109. I am so sorry guys about your losses… My grandma got very sick. I was really worried about her. She drank medicines but she wasnt getting better. So her best friend visited her really often and helped her clean the house, cook etc. She was getting worse and worse. My mom was super worried and me as well. So her friend called a doctor. Doctor said that she needs to go to hospital. They put her in hospital. My mom was calling her really often and she seemed getting better until this happened. As usual my mom was calling her as always. She called her once. My grandmother sounded fine. Mom called her second time. She picked the phone but didnt answer. Mom got really worried. 20 mins later grandma’s friend called and said that she died… I didn’t know because I was at school. I came from school and my mom told me. I started screaming anr crying.. Since that moment im crying… I cannot calm down. I see her everywhere. I dream of her at night. I have serious depression. The worst thing is,.my parents are away to Russia. This is where im from and where my granny died… We live in Spain. I have to stay here cause of school. I’m never gonna see granny again… Never… I dont know what can I do to calm down. I always tuink about her. I know , most people are gonna say “think about happy memories with her” but like it doesn’t help. It makes me feel worse in fact. Because you realise that the person you loved is gone… forever… My grandma lived very hard life but she didnt deserve that… :'(
    I will always love her… Always…

  110. Dear Amy,

    Trust me when I say that I can completely relate to your frustration and anger with your father. I went through anticipatory grief a year and two months before my mom passed away in March of 2015. The day before she passed away I was consumed with so much fear, anxiety, panic attack, depression, shock, denial, and grief that I treated my mother badly, was verbally abusive to her saying things to her I now have to live with so much regret, remorse, guilt that I only punish myself, will not forgive myself for how horrible I treated her for years, especially at the end only because I felt a strong willed woman in my life was giving up the fight and on wanting to live her life. Thank God on her death bed I was able to make amends with her, apologize, tell her I loved her with all of my heart, asked her for her forgiveness for everything I had done wrong to her throughout our lives together, etc. If I had not said these things to my mother I would not be able to live with myself right now and would have definitely have felt much worse than I am still feeling. My mother was a breast cancer survivor for seven years then it returned and took her life the second time. I am consumed with guilt, remorse, regret, sadness, heart ache, depression and cry all of the time for her because the grief and sorrow are unbearable and I miss her so much. I was my mother’s care giver when the cancer returned, it was a very difficult time for me and I felt very alone without anyone that understood in my family what I was dealing with or going through. Learn from my mistakes. As hard as it is and not fair to you still be there for your father because you are all he has for support and help. Do all you can for him while he is still alive and appreciate every moment with him not taking anything for granted. Let him know how much you love him and accept that he is stubborn and hard headed and will not do your will but his own, you cannot change this of him. Do all you can for him while he is alive so you will not have to deal with everything I am dealing with on top of the grief and sorrow because I was not patient, compassionate, understanding, empathetic, apathetic, respectful and loving that last year and two months I had to make up what I had messed up with my mother all of those past years. My heart goes out to you, hang in there, you can do it, you are stronger than you can imagine, be there for him he needs your love, support, help, patience and compassion. He might be in denial that his health is deteriorating, not all of us have common sense of these things and see them for what they really are when they are happening to us with our health. I hope some of my advise, suggestions help you with your current situation with your father. Take care.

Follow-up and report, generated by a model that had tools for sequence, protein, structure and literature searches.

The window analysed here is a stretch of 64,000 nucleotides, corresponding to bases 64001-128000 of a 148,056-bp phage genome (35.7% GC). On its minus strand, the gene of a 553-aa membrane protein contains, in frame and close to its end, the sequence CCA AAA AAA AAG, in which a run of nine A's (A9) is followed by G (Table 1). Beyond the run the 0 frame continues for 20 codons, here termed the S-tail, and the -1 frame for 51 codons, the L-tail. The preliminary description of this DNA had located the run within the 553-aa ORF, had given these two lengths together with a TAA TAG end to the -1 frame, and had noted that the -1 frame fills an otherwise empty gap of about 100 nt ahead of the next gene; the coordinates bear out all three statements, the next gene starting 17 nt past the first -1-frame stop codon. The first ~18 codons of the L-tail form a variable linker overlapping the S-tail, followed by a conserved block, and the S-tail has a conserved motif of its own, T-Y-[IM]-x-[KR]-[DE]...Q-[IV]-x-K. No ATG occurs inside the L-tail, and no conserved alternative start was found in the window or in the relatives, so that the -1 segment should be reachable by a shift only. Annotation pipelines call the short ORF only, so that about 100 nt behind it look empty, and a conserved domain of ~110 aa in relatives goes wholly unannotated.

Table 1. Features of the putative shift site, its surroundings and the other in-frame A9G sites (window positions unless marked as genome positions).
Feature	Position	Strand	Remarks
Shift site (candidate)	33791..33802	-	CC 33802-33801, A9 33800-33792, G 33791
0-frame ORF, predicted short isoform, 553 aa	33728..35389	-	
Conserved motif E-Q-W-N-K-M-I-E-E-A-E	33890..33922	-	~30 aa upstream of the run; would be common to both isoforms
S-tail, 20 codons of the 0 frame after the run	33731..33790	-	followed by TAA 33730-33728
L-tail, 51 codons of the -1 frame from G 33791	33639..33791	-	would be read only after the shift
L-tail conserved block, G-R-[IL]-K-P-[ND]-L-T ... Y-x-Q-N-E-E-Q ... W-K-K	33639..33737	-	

111. Thank you all for your brave stories. Truly encouraging as I spend time with my ailing father. I’ve been going through anticipatory grief and didn’t know what was happening with me–thank you!